The Cult of St Alan of Bletchley Park

I realise that to rail against anything published in the Daily Fail is about as effective as pissing against the wind in a force 8 gale but this article on Alan Turing got so up my nose that I have decided to strap on my bother-boots of historical criticism and give the author a good kicking if only to assuage my own frustration. It won’t do any good but it might make me feel better.

Before I start in on a not so subtle demolition job, I should point out that I’m actually a Turing fan who has read and absorbed Andrew Hodges’ excellent Turing biography[1] as well as many books and articles on and by Turing. I have seriously studied his legendary paper on the Entscheidungsproblem[2], I have a copy sitting on my bookshelf, which I understand thoroughly including its significance for Hilbert’s Programme, which the Mail’s journalist almost certainly does not. If I here seem to be seriously challenging Turing’s claims to scientific sainthood it is only in the interests of historical accuracy and not out of any sense of antipathy to the man himself, who would definitely be one of my heroes if I went in for them.

The Mail article opens with a real humdinger of a claim that is so wrong it’s laughable:

Own a laptop, a smartphone or an iPad? If so, you owe it to a man many of us have never heard of – a genius called Alan Turing. ‘He invented the digital world we live in today,’ says Turing’s biographer David Leavitt in a new Channel 4 drama-documentary about the brilliant mathematician.

Sorry folks Alan Turing did not invent the digital world we live in today. In the 1930s Turing was one of several meta-mathematicians who laid the theoretical foundations for computability and although his contributions were, viewed from a technical standpoint, brilliant we would still have had the computer revolution if Alan Turing as an undergraduate had turned his undoubted talents to deciphering ancient Sumerian clay tablets instead of to solving meta-logical problems. The German computer pioneer Konrad Zuse designed and built functioning digital computers in the 1930s and 40s without, as far I know, ever having heard of Turing. Zuse was an engineer and not a mathematician and approached the problem from a purely practical point of view. The American engineer Vannevar Bush built a highly advanced analogue computer, his Differential Analyser, to solve differential equations in 1927 when Turing was still at school. Claude Shannon who laid the foundations of digital circuit design was one of Bush’s graduate students. All three American groups, which developed digital computers in the late 193os and early 1940s, Atanasoff and Berry in Iowa, Aiken in Harvard and Eckert and Mauchly in Pennsylvania all referenced Bush when describing their motivations saying they wished to construct an improved version of his Differential Analyser. As far as I know none of them had read Turing’s paper, which is not surprising as Turing himself claimed that in the 1930’s only two people had responded to his paper. The modern computer industry mainly developed out of the work of these three American groups and not from anything produced by Turing.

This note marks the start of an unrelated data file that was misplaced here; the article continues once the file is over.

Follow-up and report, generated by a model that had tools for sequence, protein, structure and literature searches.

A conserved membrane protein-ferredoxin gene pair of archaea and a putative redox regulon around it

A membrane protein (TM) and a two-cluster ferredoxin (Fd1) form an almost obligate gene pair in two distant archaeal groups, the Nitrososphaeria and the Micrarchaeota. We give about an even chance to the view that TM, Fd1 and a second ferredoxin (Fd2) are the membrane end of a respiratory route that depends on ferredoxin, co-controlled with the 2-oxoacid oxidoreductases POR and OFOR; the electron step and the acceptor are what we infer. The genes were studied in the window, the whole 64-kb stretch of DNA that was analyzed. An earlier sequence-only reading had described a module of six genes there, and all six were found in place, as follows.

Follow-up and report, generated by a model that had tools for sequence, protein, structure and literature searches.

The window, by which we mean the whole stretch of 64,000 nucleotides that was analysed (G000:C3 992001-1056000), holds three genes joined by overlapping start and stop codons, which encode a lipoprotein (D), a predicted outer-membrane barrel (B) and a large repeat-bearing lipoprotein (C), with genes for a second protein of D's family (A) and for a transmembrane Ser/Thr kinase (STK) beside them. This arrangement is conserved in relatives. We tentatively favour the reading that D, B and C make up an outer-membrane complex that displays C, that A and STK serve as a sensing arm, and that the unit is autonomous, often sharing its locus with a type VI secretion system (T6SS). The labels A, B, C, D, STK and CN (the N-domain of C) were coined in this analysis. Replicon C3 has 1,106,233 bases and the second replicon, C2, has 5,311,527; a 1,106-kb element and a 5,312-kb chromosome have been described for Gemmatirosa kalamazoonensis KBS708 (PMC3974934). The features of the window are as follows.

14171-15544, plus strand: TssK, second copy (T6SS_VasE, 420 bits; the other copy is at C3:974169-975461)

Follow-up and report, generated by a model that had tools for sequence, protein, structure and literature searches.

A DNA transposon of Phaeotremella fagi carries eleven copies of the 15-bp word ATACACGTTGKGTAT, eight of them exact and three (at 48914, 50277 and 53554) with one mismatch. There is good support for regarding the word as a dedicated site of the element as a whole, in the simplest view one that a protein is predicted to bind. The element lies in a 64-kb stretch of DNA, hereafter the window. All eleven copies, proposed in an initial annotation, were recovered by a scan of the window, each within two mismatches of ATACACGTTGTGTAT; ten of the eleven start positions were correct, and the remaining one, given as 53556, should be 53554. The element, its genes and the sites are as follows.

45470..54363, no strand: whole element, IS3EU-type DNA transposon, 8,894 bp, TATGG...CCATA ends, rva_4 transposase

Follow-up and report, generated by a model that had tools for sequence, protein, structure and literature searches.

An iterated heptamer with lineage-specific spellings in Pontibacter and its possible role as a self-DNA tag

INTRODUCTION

Turing did do work on real digital computers at Bletchley Park in the 1940s but this work was kept secret by the British government after the war and so had no influence on the civil development of computing in the 1950s and 60s. Turing like many other of the computer pioneers from Bletchley started again from scratch after the war but due to their delayed start and underfunding they never really successfully competed with the Americans. We now turn to Bletchley Park and Turing’s contribution to the Allied war effort. The Mail writes:

Ironically, the same society that hounded him to his death owed its survival to him. For during the Second World War it was Turing who pioneered the cracking of Nazi military codes at Bletchley Park, allowing the Allies to anticipate every move the Germans made.

The first sentence is a reference to Turing’s suicide caused by his mistreatment as a homosexual, which I’m not going to discuss here other than to say that it’s a very black mark against my country and my countrymen. We now come to a piece of pure hagiography. The cracking of the Germany military codes was actually pioneered by the Poles before Bletchley Park even got in on the act. It should also be pointed out that Turing was one of nine thousand people working in Bletchley by the end of the War. Also he was only in charge of one team working on one of the codes in use, the navel naval Enigma, there were several other teams working on the other German codes. Turing was one cog in a vast machine, an important cog but a long way from being the whole show. The Mail next addresses Turing’s famous paper:

‘While still a student at Cambridge he wrote a paper called Computing Machinery, in which all the developments of modern computer science are foretold. If you take an iPhone to pieces, all the parts in there were anticipated by Turing in the 1930s.’